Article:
Now he might be back. His potential return to Thailand elicited some acrimony during the campaign, and the election was widely referred to as a “referendum on Thaksin” or a “referendum on Thaksin’s return”. Yingluck said that Thais convicted of “political” crimes should be offered an amnesty, but she didn’t specifically mention her brother – who says his corruption conviction is indeed political. He wants to come back to Thailand. His daughter is getting married at the end of the year, and he has talked about coming back for the ceremony. On election night he hogged the limelight for a while, giving a series of interviews to Thai and international media.
But the return of the eminence grise of Thai politics would likely spark a conflagration. The activist yellow-shirts of the People’s Alliance for Democracy, who overran Bangkok’s airports in 2008 and effectively toppled the last Thaksin-aligned government, have promised to take to the streets again if Thaksin comes back, although it isn’t clear whether they bear the same animus towards Yingluck. Although the yellow-shirts have seemed rudderless lately, splitting from the Abhisit’s Democrat party and advocating a “no” party vote, it would be foolish to underestimate their resilience or their hatred of Thaksin.
Dr Thitinan Pongsudhirak, a political scientist at Chulalongkorn University in Bangkok, says Puea Thai should tread carefully. He has called for a “grace period”, saying Thaksin should take his time in coming back, Puea Thai should not sack the army chief, should not sack senior bureaucrats and should refrain from elevating Puea Thai parliamentarians who are also leaders from the activist red-shirt movement into the ministry, at least in the short term. Tens of thousands of United Front for Democracy against Dictatorship red-shirt activists protested for weeks on end in central Bangkok last year, demanding Abhisit’s resignation and an election. More than 90 people were killed during the protests, hundreds were injured and buildings across the city were set on fire. Dozens of red-shirts, including the leaders, were jailed.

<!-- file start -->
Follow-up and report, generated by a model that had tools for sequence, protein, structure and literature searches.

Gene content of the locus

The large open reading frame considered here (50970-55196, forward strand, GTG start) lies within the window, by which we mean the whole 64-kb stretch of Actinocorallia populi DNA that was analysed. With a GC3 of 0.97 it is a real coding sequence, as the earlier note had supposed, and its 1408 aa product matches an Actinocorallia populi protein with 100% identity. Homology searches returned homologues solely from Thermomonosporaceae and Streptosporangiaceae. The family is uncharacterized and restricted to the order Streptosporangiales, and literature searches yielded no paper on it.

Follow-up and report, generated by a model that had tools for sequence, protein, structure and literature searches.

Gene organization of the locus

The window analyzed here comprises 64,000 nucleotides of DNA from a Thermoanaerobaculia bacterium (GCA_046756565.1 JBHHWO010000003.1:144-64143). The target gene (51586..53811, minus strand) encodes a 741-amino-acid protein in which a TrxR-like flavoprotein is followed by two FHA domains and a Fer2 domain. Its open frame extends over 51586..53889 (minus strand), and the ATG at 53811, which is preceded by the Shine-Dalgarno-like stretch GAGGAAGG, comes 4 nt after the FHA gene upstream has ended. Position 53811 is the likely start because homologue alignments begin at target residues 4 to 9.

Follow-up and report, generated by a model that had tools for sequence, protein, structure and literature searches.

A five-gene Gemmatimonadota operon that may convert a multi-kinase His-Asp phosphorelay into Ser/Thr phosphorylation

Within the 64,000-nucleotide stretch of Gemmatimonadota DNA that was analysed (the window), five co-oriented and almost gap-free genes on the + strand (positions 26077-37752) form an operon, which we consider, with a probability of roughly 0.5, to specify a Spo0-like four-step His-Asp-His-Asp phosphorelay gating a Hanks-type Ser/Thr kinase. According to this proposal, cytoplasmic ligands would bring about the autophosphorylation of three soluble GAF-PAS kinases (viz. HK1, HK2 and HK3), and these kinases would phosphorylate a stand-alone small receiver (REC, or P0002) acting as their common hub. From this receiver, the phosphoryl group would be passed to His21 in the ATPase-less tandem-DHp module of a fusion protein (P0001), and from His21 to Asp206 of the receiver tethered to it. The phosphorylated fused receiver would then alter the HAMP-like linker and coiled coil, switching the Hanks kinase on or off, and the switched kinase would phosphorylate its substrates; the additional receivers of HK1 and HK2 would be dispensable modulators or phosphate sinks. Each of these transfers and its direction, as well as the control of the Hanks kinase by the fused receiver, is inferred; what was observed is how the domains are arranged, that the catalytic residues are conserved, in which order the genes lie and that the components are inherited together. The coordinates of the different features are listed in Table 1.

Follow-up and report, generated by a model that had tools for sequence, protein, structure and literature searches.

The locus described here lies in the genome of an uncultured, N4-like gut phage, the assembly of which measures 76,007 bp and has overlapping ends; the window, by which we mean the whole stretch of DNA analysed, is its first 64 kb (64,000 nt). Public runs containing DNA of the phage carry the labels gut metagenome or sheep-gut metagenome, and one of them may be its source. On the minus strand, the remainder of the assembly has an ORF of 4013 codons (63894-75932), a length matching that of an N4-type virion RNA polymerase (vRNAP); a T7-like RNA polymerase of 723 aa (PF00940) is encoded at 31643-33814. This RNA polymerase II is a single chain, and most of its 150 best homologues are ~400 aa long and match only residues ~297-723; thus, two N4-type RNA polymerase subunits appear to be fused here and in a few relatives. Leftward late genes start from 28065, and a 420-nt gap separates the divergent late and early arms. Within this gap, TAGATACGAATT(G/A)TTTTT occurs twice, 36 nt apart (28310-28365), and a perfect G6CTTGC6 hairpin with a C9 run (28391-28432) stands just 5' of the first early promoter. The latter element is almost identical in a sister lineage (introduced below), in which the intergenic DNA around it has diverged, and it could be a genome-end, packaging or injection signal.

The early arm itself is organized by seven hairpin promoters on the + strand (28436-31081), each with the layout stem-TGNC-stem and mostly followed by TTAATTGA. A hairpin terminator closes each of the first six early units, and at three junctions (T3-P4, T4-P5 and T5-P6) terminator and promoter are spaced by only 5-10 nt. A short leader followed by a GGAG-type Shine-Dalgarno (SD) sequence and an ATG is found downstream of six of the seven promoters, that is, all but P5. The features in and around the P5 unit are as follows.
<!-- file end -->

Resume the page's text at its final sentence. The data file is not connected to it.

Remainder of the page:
Abhisit and his Democrat party campaigned on the idea that to return Puea Thai would be to give red-shirt terrorists power, presenting film footage to a rally and erecting billboards of Bangkok in flames, but Yingluck did not respond with any heat. Thitinan, though, says time is now needed to let passions cool. He is no fan of Thaksin, but he acknowledges the ousted leader’s accomplishments, and the blossoming of political awareness amongst Thailand’s poor and marginalised.
“His greatest crime and gravest sin: he has changed the way we were,” Thitinan says. “We are no longer the same; we will not be the same.” And he has a plea for Thailand’s establishment figures, called ‘poo-yai’ in Thai: “To the poo-yais – please allow us to enter the 21st century.” Ordinary people, he adds, want their votes to count; they want to be heard, to be heeded.
The military, naturally, is up there in the poo-yai stakes. Thailand has endured 18 coup attempts, 11 of them successful, since the abolition of absolute monarchy in 1932. The most recent was the removal of Thaksin in 2006 (in a coup led by a general who stood in the weekend election), and there has been a lot of nervous speculation that the armed forces will do it again, removing Yingluck as they removed her brother.
But Army chief General Prayuth appears to have been muzzled, at least for the time being, and the outgoing defence minister, General Prawit Wongsuwon, yesterday declared the armed forces were standing easy. “I have talked to military leaders. We will allow politicians to work it out. The military will not get involved,” he said. “The people have spoken clearly so the military cannot do anything. We accept it.”
For now, cynics add.